Anyway it was in 2002 that our Gordon started to splash the cash.£25 billion of borrowing in the middle of a boom. That's when his Golden Rule went out the window, though he never admitted that, and left it to Darling to abandon.
So before 2008, when the financial bailouts kicked in, Labour splurged £199.7 billion, during a boom. That's Apr02-Mar08. That took national debt from £401bn to £620bn.
Worse that not only means we were spending more than we raised in taxes, but interest payments had gone up £10bn (about our total spend on justice and policing). So of the £30bn extra a year we, were wasting 30% of that on interest payments.
Also, because the overspend had become permanent, it wasn't being used for investment, but for spending. If you borrow to buy a building or a railway, then you've always got that asset, and you only spend the money once. If you borrow to pay 100,000 extra teachers/police/doctors then you're stuck with that extra 100,000 staff until you either sack them, or raise the money to pay them. Seeing as Labour also raised taxes, and we've plunged into recession, we can't raise too much more tax, so we're going to have to cut spending. Which is rather harsh on the several hundred thousand extra civil servants that Labour took on - without ever working out how to fucking pay them.
Of the £150 billion we borrowed last year there are 3 types of spending. A bit of financial intervention, mostly we've taken on debt to prop up banks, and we've got assets and shares to back it up. So long as the economy recovers we'll make a small profit on that. The upfront cost is 'only' a few billion.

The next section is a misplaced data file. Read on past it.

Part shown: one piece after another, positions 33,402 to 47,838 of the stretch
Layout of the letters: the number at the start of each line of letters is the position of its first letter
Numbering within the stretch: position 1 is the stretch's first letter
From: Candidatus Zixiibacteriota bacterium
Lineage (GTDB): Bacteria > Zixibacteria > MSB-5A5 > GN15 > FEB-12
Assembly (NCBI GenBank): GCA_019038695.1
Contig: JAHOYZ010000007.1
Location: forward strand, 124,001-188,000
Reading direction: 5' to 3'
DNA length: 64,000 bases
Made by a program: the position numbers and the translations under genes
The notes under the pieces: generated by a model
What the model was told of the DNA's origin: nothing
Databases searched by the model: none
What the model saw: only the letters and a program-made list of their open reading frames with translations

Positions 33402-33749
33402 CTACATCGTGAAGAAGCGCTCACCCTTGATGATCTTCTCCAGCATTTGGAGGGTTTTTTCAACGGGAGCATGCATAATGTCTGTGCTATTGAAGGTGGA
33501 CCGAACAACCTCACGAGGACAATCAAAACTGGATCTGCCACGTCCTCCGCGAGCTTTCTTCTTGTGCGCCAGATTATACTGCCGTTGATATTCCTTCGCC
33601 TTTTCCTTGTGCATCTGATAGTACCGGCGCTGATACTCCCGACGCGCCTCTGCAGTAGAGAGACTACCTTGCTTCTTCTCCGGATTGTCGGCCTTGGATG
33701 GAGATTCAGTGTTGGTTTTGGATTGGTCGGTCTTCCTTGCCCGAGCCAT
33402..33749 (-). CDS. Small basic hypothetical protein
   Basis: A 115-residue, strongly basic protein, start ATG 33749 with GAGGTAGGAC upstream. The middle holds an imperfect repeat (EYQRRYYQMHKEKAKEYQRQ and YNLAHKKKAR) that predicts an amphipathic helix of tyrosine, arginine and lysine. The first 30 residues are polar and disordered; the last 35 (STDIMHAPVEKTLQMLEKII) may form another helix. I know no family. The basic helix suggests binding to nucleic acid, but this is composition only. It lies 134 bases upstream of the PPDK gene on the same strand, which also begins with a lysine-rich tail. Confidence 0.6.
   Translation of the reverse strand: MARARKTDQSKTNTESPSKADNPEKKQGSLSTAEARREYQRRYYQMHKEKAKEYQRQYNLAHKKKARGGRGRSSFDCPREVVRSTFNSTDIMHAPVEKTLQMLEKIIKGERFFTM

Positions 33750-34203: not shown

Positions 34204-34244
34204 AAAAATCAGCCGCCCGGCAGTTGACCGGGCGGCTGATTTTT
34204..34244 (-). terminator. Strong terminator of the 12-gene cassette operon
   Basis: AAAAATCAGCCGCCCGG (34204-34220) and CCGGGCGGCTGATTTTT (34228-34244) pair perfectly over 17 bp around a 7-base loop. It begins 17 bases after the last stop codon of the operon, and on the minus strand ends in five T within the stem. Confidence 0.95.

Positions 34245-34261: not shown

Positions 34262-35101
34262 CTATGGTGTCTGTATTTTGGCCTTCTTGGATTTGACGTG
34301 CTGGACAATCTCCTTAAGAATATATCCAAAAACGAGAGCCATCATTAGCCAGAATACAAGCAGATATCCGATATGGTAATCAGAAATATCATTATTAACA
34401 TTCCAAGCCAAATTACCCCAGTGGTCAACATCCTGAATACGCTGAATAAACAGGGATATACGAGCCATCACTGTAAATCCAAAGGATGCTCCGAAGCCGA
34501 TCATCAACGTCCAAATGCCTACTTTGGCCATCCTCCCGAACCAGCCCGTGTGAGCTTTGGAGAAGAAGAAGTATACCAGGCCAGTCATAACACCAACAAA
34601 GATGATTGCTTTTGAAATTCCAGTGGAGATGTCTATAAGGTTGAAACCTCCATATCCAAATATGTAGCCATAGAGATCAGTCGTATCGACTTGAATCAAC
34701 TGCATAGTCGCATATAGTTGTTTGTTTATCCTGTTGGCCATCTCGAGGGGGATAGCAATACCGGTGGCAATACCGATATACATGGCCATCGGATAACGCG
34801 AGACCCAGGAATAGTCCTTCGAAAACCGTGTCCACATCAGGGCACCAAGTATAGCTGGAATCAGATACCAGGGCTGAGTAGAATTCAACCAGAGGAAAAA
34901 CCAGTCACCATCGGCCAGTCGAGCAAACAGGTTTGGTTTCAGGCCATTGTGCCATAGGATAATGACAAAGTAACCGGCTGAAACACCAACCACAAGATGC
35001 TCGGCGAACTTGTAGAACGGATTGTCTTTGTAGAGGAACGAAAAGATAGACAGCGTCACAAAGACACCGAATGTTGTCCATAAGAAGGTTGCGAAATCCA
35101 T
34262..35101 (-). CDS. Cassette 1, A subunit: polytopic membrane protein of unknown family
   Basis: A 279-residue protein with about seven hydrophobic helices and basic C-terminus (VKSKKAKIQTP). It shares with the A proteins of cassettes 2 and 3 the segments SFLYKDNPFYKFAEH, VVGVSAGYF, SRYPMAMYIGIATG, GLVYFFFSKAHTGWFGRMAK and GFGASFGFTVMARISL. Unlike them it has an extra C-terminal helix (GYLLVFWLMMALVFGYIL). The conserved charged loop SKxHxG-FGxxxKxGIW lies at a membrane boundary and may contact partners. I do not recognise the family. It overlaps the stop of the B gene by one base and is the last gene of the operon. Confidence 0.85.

There's then a huge chunk of social security on people now out of work due to recession, and a drop in tax revenues for the same reason. This is called the cyclical deficit and is good. This is what government is for. It can borrow when we're in the shit to give us unemployment benefit, and to keep spending on stuff while we're too poor to pay the taxes. If we pay down this debt in the boom times, then we're happy.
The rest is called the structural deficit. This is the £30bn a year Labour splurged but wouldn't pay for. Plus the £20bn a year extra interest we now have to pay on our national debt, as it's doubled since they took office. That's set to go up by another £10-£20bn before the coalition can get borrowing under control. £40bn is all of defence plus some. The £60bn it'll hit is all of education, plus policing!!
There's a further component to the structural deficit, which causes a lot of argument about its size. How much permanent economic damage this recession has done. It's expected that the City will no be as rich as it was in the last boom, so it probably won't be paying as much tax as previously (from memory it was up to something like £50bn). So that's £10bn a year less tax we'll be getting for the next few years. Construction has crashed by something like 20%, and isn't expected to recover, so that's 20% less tax and jobs from another huge industry.
The worst case structural deficit figure I've seen is about £90bn. I personally feel it'll be less. As usual economists differ.
We'll have to raise tax or cut spending of roughly £60-£90bn. Half of that is definitely Gordon and Tony's fault. The other half is partly down to them and partly the banks. Oh and us. We can't blame the housing and credit card bubbles entirely on other people. No bank forced anyone to max their cards or buy a house they couldn't pay for.